Episode #47: How To Troubleshoot Servo Motors

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The Motion Control Show

Now that we understand the basics of servo motors, their thermal properties, and their speed/torque curves after the last three episodes and discussing it, now we get to get into some of the fun part of really figuring out where the rubber meets the road and how the problems arise.  I'm Corey Foster at Valin Corporation.  Reach out to us with the email address and website here.  I hope this helps.

The performance questions we're going to be talking about today are:
  • Why is my motor overheating?
  • Why doesn’t my motor get as much speed as it should?
  • Why doesn’t my motor get as much torque as it should?
  • Why did my motor burn up when it's only supposed to be operating in the continuous region of the curve?

But at first there are definitely some steps you need to take in order to make sure some of the more easy-to-resolve issues are taken care of first:
  • Check your program. Are you actually commanding the speed that you think it should be?
  • Check the drive configuration because there are some drives that will actually cap the torque output to the continuous torque to keep you from accidentally burning up the motor during the tuning, initial programming and configuration.
  • Double, triple and quadruple-check your sizing. What assumptions did you make that perhaps are not accurate?  Double-check those.  And triple.  And quadruple-check them.

So why is your motor overheating?  Remember the assumptions here that I talked about in previous episodes.  Your motor’s overheating because you're putting too much power in and it's not able to dump all that power out.  Typically, that is going to be when you're over the continuous region that's above this line here.  But now you may think that you're below this line, that continuous line.  However, how is the motor getting rid of the heat?  What is it mounted to?  How much airflow does it get?  What is the ambient temperature?  Maybe the ambient temperature that you're starting at is higher than what you assume.  If you were starting a motor at 20C, that's room temperature, and the motor is going to burn up at 110, that's 90 degrees differential that you can heat the motor up before it burns up.  But if it's at the ambient temperature of 40C, then you only have a temperature rise of 70 degrees before it burns up.  So, that's less power you can put into it.  Gearboxes are not the greatest heatsinks.  The motor mounted to a big metal plate is a much better heat sink than a gearbox.  So those are some different things that have to be looked at in order to understand why it's overheating.  Is the power requirement going in more than you are expecting it to be?  Again, it goes back to the sizing.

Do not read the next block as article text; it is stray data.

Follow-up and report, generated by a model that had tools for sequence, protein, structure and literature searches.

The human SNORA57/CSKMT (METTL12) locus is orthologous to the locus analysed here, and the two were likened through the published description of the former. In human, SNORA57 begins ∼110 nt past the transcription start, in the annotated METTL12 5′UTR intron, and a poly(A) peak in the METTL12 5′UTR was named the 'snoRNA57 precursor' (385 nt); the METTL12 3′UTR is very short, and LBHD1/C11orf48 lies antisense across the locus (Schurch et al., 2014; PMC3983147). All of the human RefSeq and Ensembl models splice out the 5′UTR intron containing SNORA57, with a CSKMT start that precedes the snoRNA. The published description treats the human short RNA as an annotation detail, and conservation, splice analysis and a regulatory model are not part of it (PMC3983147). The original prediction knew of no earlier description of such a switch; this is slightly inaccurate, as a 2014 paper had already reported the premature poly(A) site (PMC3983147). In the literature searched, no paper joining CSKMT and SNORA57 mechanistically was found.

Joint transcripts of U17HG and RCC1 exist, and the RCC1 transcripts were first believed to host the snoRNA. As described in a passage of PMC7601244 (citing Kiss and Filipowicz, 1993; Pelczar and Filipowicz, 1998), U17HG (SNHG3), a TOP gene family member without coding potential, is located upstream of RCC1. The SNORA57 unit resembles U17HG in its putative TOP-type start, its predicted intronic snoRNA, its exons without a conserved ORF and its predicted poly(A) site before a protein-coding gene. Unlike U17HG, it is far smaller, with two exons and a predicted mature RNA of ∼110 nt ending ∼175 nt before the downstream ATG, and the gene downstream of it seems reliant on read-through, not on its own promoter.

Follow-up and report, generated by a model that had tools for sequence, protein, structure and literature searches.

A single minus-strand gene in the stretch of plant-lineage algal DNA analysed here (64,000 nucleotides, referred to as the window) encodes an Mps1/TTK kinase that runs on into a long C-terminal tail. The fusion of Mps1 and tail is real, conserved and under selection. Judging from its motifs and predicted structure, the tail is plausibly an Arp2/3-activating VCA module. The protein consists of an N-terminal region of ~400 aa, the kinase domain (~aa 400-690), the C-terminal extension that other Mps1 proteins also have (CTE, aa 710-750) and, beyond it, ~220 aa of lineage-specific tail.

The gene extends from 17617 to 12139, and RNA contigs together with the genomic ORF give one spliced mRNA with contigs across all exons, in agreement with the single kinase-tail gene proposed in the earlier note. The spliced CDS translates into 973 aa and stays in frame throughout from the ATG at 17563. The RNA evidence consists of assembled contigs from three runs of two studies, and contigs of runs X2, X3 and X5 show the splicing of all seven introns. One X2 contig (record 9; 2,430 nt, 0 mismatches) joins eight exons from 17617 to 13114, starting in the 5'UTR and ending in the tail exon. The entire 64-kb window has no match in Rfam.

Why doesn’t my motor get as much speed as it should?  One of the more typical answers here is the bus voltage.  You may size a motor by looking at this 240 VAC curve out here, but then you're only using one phase of that three-phase power and you're only using 208.  Well, that's this curve here.  So, you're not going to get beyond this curve to get to the higher voltage.  So, are you using the correct voltage?  The other thing to look at here is this slant.  If you are taking more torque than you think and you're hitting into this line here, this is below 4000 RPM if it takes that much torque to get there.  But, maybe you were hoping to get to 4500 RPM.  Don't forget that you need some torque in order to get there and the torque reduces at the higher speeds, so that is something to be aware of.  But it's often tied to the voltage.  People will size for 240 VAC, but then maybe they only use 110 VAC and that cuts your speed in half right there.